of postconcussion syndrome after sports-related concussion in young athletes: a
matched case-control study

Morgan CD, Zuckerman SL,
Lee YM, King L, Beaird S, Sills AK, Solomon GS. Journal of Neurosurgery:
Pediatrics. 2015. Doi: 10.3171/2014.10.PEDS14356 [Epub]

Home Message: Delayed onset of symptoms after sport-related concussion puts
young athletes at a 20.7 times greater risk for postconcussion syndrome.

The majority of
sports-related concussion (SRC) symptoms resolve within 1 week of the initial
injury; however, there is a group of individuals that remain symptomatic for
longer periods of time. These individuals are classified as having
postconcussion syndrome (PCS) with somatic, cognitive, sleep, and emotional
symptoms. Risk factors such as previous concussion, loss of consciousness, and
migraine headache have been identified as predictors of PCS; however, some of
these predictors have been disputed when high school and young adult
populations were studied. In this case-control study,
the authors set-out to identify which risk factors in young athletes (9-18 years)
predicted those who would experience PCS and those who would not, after SRC. They
retrospectively identified young athletes that sustained a SRC, diagnosed by an
athletic trainer or team physician. Individuals that reported symptoms for
greater than 3 months were classified as having PCS (40 patients), and control
subjects were those who sustained a concussion but had resolution of symptoms
in 3 weeks or less (80 patients who were age- and sex-matched). Variables of
interest included demographics; past medical, psychiatric and family history; and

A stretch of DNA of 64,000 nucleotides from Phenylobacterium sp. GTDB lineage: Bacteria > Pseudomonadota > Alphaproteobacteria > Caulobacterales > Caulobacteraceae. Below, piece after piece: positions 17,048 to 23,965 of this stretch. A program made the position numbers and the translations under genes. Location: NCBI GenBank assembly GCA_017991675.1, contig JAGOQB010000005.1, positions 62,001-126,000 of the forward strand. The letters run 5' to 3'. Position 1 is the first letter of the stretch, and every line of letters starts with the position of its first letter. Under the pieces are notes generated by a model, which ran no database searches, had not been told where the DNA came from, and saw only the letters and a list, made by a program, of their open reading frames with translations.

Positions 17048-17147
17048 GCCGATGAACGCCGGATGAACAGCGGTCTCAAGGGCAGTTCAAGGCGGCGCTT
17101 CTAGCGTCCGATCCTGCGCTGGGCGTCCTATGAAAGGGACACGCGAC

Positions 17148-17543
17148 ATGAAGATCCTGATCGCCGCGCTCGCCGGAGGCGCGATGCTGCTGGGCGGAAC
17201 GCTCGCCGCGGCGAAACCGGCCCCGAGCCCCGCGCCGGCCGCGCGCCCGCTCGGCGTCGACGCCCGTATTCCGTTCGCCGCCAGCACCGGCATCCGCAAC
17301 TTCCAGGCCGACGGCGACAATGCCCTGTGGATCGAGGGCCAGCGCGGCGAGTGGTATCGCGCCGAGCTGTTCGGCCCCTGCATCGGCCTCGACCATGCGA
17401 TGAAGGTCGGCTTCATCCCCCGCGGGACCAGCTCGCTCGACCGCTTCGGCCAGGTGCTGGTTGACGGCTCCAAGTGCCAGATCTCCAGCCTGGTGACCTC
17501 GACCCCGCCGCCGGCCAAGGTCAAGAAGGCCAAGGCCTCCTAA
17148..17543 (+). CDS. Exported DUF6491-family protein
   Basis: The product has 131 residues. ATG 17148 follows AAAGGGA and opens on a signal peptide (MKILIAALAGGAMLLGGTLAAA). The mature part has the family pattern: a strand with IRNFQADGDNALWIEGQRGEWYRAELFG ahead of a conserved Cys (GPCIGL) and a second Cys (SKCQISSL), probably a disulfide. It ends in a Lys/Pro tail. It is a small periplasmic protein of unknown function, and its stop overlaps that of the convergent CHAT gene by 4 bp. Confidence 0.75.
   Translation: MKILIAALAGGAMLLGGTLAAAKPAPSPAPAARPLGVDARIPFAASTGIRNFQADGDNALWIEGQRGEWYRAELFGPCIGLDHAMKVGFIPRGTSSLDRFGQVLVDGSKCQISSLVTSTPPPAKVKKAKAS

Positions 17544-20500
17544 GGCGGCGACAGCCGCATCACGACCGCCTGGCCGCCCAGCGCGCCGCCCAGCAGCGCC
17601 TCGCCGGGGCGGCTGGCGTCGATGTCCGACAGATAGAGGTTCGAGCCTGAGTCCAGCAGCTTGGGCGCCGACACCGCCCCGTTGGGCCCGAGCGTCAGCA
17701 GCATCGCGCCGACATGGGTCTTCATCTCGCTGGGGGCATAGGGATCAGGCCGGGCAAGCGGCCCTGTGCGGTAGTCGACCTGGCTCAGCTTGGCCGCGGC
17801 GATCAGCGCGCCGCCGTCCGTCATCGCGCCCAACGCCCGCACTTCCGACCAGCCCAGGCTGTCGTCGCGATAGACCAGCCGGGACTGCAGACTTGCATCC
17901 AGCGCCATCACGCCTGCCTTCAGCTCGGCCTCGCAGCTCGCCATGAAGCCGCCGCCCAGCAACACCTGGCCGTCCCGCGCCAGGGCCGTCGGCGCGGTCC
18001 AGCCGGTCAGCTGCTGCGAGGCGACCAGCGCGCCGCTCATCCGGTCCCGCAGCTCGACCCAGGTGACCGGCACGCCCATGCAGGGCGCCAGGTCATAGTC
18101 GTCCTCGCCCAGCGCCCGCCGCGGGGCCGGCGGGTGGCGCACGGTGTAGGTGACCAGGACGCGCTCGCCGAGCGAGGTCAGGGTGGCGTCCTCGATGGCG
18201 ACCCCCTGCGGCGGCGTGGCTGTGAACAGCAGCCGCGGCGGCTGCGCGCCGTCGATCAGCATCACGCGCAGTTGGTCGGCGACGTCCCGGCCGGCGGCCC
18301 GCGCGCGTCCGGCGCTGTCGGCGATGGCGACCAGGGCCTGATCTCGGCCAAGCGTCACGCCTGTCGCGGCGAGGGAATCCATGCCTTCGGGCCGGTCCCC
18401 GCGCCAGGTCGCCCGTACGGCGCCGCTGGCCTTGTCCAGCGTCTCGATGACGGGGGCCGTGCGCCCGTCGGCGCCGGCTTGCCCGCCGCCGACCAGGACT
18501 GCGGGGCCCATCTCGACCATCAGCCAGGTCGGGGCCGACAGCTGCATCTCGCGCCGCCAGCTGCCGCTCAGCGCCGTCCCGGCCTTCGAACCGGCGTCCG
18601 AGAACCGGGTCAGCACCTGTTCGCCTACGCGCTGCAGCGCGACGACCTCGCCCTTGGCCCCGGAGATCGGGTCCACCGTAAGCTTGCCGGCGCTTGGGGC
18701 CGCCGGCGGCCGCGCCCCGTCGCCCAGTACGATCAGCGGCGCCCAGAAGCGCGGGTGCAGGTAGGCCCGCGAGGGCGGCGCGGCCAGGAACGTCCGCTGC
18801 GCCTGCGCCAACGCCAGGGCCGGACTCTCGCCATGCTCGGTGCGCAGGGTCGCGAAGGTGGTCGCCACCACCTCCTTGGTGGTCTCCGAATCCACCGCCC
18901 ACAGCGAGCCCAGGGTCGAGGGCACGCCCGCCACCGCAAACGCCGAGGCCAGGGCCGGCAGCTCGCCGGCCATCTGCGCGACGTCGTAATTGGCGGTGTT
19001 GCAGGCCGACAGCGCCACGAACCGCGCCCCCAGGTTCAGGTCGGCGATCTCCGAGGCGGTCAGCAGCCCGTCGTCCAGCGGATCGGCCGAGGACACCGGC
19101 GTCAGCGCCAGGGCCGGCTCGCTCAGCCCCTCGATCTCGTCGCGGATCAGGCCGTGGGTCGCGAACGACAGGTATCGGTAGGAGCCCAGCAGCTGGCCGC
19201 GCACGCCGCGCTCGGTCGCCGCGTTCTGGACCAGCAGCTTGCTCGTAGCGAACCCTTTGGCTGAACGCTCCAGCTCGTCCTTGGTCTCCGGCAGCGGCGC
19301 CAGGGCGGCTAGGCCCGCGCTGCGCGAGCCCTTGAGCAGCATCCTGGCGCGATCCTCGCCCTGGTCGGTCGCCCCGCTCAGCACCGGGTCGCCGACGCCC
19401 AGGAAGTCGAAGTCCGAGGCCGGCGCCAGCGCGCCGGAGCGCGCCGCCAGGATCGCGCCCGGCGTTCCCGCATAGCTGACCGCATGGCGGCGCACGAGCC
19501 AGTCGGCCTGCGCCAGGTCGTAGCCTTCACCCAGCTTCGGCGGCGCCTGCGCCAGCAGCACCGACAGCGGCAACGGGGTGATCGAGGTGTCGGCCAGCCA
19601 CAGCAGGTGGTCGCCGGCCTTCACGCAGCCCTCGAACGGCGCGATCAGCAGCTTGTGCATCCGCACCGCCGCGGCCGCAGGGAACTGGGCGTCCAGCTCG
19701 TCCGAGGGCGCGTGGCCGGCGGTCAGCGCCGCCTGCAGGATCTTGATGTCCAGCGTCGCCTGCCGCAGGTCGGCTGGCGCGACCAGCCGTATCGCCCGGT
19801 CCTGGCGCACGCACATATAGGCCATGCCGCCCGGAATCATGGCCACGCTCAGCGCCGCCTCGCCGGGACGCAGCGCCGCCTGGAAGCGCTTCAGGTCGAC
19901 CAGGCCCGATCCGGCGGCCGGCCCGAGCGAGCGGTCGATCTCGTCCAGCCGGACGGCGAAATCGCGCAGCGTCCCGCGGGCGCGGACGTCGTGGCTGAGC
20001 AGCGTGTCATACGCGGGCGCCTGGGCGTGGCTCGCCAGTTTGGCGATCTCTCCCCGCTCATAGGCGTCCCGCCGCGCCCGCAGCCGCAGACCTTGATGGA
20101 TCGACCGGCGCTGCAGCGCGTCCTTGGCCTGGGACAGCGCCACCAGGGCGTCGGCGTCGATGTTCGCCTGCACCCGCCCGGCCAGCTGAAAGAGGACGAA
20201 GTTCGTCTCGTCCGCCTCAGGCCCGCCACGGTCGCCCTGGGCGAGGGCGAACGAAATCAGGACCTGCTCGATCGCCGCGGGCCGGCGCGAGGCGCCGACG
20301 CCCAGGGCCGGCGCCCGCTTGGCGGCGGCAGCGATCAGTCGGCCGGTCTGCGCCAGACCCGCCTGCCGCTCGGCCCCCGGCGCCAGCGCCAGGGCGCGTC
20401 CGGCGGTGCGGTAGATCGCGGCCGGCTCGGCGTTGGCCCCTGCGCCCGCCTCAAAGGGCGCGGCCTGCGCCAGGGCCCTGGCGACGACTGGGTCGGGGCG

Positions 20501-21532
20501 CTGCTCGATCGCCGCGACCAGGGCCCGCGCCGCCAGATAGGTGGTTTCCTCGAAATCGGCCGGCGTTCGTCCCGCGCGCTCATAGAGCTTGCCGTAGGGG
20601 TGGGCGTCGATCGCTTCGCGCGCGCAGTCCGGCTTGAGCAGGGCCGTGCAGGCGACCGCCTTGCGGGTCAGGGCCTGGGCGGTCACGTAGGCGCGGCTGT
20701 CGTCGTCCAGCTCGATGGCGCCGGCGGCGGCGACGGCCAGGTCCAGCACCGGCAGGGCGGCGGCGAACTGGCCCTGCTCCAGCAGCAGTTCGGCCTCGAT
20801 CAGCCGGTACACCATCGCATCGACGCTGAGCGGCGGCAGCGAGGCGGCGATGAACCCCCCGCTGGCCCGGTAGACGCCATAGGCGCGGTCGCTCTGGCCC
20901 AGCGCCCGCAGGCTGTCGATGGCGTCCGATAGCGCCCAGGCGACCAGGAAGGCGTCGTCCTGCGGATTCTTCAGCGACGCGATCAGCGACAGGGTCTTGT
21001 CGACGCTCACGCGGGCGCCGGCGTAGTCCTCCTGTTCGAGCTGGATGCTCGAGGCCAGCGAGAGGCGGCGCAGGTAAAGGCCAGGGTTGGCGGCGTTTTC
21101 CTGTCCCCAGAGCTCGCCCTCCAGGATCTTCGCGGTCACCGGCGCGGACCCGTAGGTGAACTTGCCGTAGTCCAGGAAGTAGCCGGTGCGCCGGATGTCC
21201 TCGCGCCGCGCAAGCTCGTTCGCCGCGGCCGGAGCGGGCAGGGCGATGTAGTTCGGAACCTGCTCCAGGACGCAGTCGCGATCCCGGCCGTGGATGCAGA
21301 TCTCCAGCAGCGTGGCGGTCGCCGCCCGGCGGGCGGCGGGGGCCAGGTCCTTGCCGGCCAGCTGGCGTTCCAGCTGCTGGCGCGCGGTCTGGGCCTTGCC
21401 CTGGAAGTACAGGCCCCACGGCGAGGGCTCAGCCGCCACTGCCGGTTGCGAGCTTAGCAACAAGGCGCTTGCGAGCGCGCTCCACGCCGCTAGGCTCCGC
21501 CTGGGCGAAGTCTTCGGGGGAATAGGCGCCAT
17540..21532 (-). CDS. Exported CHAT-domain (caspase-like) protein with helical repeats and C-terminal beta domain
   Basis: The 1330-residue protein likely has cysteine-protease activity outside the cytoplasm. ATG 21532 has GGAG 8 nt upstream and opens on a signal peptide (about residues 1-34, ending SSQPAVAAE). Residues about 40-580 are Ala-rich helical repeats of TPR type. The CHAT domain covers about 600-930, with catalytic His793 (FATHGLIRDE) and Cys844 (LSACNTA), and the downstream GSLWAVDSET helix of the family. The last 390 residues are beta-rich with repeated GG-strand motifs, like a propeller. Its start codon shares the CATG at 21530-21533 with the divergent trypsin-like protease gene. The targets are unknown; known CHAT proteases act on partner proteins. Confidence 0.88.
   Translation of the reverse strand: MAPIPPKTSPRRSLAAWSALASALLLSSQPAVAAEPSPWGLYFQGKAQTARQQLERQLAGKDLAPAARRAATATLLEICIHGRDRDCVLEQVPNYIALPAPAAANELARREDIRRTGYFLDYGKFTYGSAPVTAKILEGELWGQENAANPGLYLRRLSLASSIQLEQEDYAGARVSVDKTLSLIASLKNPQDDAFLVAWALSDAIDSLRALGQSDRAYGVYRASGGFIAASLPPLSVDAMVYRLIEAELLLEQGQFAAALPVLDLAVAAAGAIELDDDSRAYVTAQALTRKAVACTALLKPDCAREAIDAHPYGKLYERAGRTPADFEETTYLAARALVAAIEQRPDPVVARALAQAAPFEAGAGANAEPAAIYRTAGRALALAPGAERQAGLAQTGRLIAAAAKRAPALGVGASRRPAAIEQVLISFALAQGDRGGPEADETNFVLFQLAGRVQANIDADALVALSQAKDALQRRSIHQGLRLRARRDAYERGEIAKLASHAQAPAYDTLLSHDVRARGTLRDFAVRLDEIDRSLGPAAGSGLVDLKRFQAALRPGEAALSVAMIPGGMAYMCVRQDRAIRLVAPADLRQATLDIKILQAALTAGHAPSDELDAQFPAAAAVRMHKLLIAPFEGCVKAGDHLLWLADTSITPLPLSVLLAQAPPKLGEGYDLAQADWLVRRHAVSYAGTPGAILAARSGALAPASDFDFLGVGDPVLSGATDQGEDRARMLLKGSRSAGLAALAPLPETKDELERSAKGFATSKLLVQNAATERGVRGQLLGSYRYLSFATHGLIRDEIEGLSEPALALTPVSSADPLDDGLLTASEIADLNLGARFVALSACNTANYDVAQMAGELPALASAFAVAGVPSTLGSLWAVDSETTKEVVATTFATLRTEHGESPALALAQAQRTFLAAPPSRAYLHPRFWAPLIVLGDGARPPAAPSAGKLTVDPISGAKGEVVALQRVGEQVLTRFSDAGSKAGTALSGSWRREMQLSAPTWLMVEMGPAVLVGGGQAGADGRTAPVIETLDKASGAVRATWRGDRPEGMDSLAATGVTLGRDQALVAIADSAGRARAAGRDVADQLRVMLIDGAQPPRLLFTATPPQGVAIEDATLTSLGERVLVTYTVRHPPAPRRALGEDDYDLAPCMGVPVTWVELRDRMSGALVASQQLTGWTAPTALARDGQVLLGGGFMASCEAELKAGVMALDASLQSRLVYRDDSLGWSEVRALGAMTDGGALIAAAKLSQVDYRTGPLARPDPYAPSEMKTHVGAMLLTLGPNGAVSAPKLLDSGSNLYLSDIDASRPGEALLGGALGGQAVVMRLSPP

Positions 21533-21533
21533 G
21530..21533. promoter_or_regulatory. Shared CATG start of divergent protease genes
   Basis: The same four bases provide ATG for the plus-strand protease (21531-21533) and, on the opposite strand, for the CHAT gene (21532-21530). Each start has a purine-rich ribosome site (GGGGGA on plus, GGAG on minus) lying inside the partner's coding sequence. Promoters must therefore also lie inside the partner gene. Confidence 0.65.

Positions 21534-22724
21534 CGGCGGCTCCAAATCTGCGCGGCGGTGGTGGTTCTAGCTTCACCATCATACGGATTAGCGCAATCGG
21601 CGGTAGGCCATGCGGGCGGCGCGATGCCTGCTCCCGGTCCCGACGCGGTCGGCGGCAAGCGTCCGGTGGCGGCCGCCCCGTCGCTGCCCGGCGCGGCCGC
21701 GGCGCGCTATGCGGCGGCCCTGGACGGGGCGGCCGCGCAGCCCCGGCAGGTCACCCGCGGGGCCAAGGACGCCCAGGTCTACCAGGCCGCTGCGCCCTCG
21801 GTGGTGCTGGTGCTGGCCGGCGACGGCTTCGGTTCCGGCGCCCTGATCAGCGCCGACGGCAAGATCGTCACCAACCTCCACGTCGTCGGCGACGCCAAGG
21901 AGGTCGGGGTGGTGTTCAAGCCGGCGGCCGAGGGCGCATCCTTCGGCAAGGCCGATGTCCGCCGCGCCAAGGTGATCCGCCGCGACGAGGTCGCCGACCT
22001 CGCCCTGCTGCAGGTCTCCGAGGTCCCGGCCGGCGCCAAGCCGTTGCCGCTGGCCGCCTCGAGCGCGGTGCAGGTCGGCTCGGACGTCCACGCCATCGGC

acute (0-24 hours) and subacute (0-3 weeks) postconcussion symptoms. The
patient or health care provider also identified additional life stressors or
major life events that might interfere with concussion recovery. No difference
was found between those with PCS and controls for age, sex, sport of concussion,
race, body mass index, and type of health insurance. Loss of consciousness,
amnesia, learning disability, or use of a helmet was not predictive of PCS in
this young population. The authors found that patients with PCS were more
likely to have a previous concussion, history of mood disorders, history of
psychiatric illness, family history of mood disorders, or delayed symptom onset
compared with controls. However, a history of mood disorders (Relative Risk
17.9) and delayed onset of symptoms (Relative Risk 20.7) were the key variables
related with an increased risk for PCS.

The results of this study
bring to light potential risk factors for PCS in a young athletic population.
History of mood disorders or psychiatric illness among the athlete or family
members, as well as a history of concussion confirms what has been reported in
older athletic populations. What is concerning is the delayed onset of
concussive symptoms (> 3 hrs) within the PCS group. These individuals have a
20.7 times greater risk for developing PCS. Young athletes that experience a
significant hit during athletic competition and do not display concussive
symptoms may be cleared to return to the game. This puts the player at risk for
a second hit within a short period of time, which is a known risk factor for delayed
recovery. This is particularly concerning since we recently saw evidence that 29% of young athletes return to play on the same day as their injury.
This study reinforces position statements and guidelines that advocate that
athletes should not return to play the same day of a suspected concussion
because we may need to monitor the patient for an onset of symptoms several
hours after a suspected injury. Furthermore, this study should remind
clinicians that they need to know the psychiatric status of an athlete and
his/her family because it could affect performance on neurocognitive testing and risk for PCS.

for Discussion: Do you think our criteria to allow athletes to return to the
game after a suspected concussion should be more stringent? Do you think more
strict criteria would help identify those with delayed symptoms? Do you think
we should have different criteria for younger athletes (< 18 y/o)?

Written by: Kathleen Cummer
Reviewed by: Jeffrey

Related Posts:

Morgan, C., Zuckerman, S., Lee, Y., King, L., Beaird, S., Sills, A., & Solomon, G. (2015). Predictors of postconcussion syndrome after sports-related concussion in young athletes: a matched case-control study Journal of Neurosurgery: Pediatrics, 1-10 DOI: 10.3171/2014.10.PEDS14356